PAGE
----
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Hillsborough fire chief agrees to random drug testing after called out by union

Jones and his administrative staff will join the rank and file in a 'show of good faith'
Hillsborough County Fire Rescue Chief Dennis Jones has agreed to be randomly drug tested along with the rest of his employees, if the union agrees to a new testing policy in the tentative contract. OCTAVIO JONES   |   Times
Hillsborough County Fire Rescue Chief Dennis Jones has agreed to be randomly drug tested along with the rest of his employees, if the union agrees to a new testing policy in the tentative contract. OCTAVIO JONES | Times
Published Mar. 20, 2018

TAMPA — Hillsborough County Fire Rescue Chief Dennis Jones has agreed to submit to random drug tests as he seeks to require the same of rank and file firefighters and paramedics.

The fire union is voting this week on a new contract that for the first time requires random drug testing of the county's first responders. Last week, Derrik Ryan, the president of International Association of Firefighters Local 2294, told the Tampa Bay Times that it would go along way to help employee-employer relations if the chief would join the rank and file in the bi-weekly tests.

As a "show of good faith," Jones and his administrative staff are willing to be included in the random drug testing pool, senior assistant county attorney Rudy Haidermota informed the union Friday.

"The fire chief sincerely hopes that this voluntary gesture will further show his support for all fire rescue personnel and his continued commitment to HCFR," Haidermota said.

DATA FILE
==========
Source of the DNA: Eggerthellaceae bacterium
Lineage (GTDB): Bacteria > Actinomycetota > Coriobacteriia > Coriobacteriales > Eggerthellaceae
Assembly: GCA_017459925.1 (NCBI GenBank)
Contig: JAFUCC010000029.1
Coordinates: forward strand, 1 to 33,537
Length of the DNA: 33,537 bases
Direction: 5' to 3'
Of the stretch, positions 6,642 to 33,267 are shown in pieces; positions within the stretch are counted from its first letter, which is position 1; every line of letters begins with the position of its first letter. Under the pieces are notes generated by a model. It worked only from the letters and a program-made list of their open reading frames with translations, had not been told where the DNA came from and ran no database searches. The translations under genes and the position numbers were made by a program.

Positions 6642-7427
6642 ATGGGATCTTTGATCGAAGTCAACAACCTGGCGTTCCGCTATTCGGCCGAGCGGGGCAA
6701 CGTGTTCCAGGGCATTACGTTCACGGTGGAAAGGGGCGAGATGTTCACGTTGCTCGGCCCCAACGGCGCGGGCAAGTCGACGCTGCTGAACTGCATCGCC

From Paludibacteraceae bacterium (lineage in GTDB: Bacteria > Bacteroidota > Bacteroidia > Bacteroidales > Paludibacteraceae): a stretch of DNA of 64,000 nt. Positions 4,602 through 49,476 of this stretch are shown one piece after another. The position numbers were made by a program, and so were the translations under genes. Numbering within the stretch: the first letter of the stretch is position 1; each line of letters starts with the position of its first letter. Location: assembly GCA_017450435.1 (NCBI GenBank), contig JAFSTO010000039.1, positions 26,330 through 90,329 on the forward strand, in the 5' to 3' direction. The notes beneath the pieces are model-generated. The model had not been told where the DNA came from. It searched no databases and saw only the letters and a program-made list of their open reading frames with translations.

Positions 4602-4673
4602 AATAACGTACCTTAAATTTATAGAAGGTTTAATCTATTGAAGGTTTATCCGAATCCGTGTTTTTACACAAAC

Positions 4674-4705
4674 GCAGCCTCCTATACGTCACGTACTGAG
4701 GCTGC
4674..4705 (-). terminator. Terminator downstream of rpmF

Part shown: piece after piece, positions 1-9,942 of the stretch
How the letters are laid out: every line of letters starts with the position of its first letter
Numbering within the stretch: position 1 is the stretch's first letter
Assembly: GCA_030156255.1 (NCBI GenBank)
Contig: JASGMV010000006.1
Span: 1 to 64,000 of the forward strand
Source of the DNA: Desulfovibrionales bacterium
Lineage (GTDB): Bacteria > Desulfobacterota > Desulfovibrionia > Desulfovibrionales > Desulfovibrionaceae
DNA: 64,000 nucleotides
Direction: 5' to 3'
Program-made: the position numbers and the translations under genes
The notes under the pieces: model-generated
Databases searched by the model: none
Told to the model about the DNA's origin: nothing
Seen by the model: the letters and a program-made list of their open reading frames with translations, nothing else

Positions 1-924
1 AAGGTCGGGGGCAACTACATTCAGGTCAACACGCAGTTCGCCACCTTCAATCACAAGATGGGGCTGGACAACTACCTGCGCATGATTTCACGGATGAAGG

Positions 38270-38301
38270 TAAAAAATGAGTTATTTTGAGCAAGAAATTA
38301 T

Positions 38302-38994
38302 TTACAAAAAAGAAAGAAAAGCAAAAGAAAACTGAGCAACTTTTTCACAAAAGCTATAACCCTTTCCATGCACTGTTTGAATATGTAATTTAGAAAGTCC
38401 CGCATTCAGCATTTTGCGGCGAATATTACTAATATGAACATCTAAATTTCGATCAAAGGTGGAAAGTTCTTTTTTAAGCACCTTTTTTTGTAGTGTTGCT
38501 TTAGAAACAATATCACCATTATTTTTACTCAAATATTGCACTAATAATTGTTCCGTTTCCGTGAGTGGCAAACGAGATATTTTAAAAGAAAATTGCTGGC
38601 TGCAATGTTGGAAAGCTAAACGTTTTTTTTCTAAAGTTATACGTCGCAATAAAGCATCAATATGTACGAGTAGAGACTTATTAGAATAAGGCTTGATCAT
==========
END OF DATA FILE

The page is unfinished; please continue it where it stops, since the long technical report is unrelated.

The contract vote this week comes after a Times investigation found that drug testing procedures for Hillsborough firefighters and paramedics are weaker than most similar-sized fire departments in Florida. Employees aren't randomly tested — they know urine samples are collected only in January or July. Unlike other departments, they also aren't tested for alcohol.

The Times found 47 drug- and alcohol-related incidents involving county fire rescue employees since 2010. Records show several incidents in which employees were accused of stealing or tampering with drugs on an ambulance or those owned by patients they were called to help. In 2016, an off-duty fire medic died of a drug overdose, and another overdosed while at work.

TIMES INVESTIGATION: Overdoses, DUIs, stolen drugs: Florida's third-biggest fire rescue department has a problem

About 20 employees failed a drug test or were arrested for drunken driving.

The new three-year contract, tentatively agreed to by the county and union leadership, would for the first time explicitly ban the use of illegal drugs outside work hours. It also would initiate random drug testing — five employees, every other week.

If the contract is approved, it will go to the county commission for final action in April.

Haidermota's note to the union made clear that the employment conditions of fire rescue administrative staff are not negotiable. The fire chief reports to the county administrator and is subject to administrative employment policies.

When he spoke with the Times last week, Ryan said it's a fair argument that the union contract doesn't cover leadership positions, "but human nature would say if you're demanding for us to do something different than we have ever done before when it comes to drug testing, why wouldn't you do it with us?"

READ MORE: Her brother was a Hillsborough firefighter. Then he overdosed. What she hopes you learn from her hero.

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